The resource library in 2006

Since being established, the resource library has become a core component of the CRANA website. The resource library was updated with the website in late 2005. At this time, CRANA decided to expand the site offering more resources to those who access it. CRANA office staff have been trained to update the website and the resource library and are responsible for checking the links are still active. Users who find broken links are encouraged to notify CRANA via a 'broken links' section with the most recent message received in early 2006. Members of CRANA are encouraged to forward any material that may be appropriate, and this is added to the resource library.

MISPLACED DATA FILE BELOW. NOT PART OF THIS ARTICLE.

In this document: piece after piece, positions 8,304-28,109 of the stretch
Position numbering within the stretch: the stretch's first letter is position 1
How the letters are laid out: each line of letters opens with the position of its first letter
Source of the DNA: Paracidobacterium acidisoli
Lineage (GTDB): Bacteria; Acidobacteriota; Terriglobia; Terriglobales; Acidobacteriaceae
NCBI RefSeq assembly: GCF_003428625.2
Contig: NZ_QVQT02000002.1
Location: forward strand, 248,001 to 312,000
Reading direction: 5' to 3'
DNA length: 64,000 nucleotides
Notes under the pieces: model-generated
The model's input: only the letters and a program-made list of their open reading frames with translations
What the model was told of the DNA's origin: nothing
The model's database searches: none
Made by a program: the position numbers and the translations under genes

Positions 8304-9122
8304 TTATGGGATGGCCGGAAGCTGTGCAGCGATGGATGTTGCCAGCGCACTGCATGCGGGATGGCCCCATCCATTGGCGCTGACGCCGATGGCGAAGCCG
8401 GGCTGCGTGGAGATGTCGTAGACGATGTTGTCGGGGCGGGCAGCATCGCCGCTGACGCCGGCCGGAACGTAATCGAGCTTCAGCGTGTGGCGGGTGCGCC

This work was partly funded by a Rural Health Support, Education and Training Grant from the Commonwealth Government. We would like to thank the research participants for their contributions. Author Sue Kildea is the Vice President of the Council of Remote Area Nurses of Australia.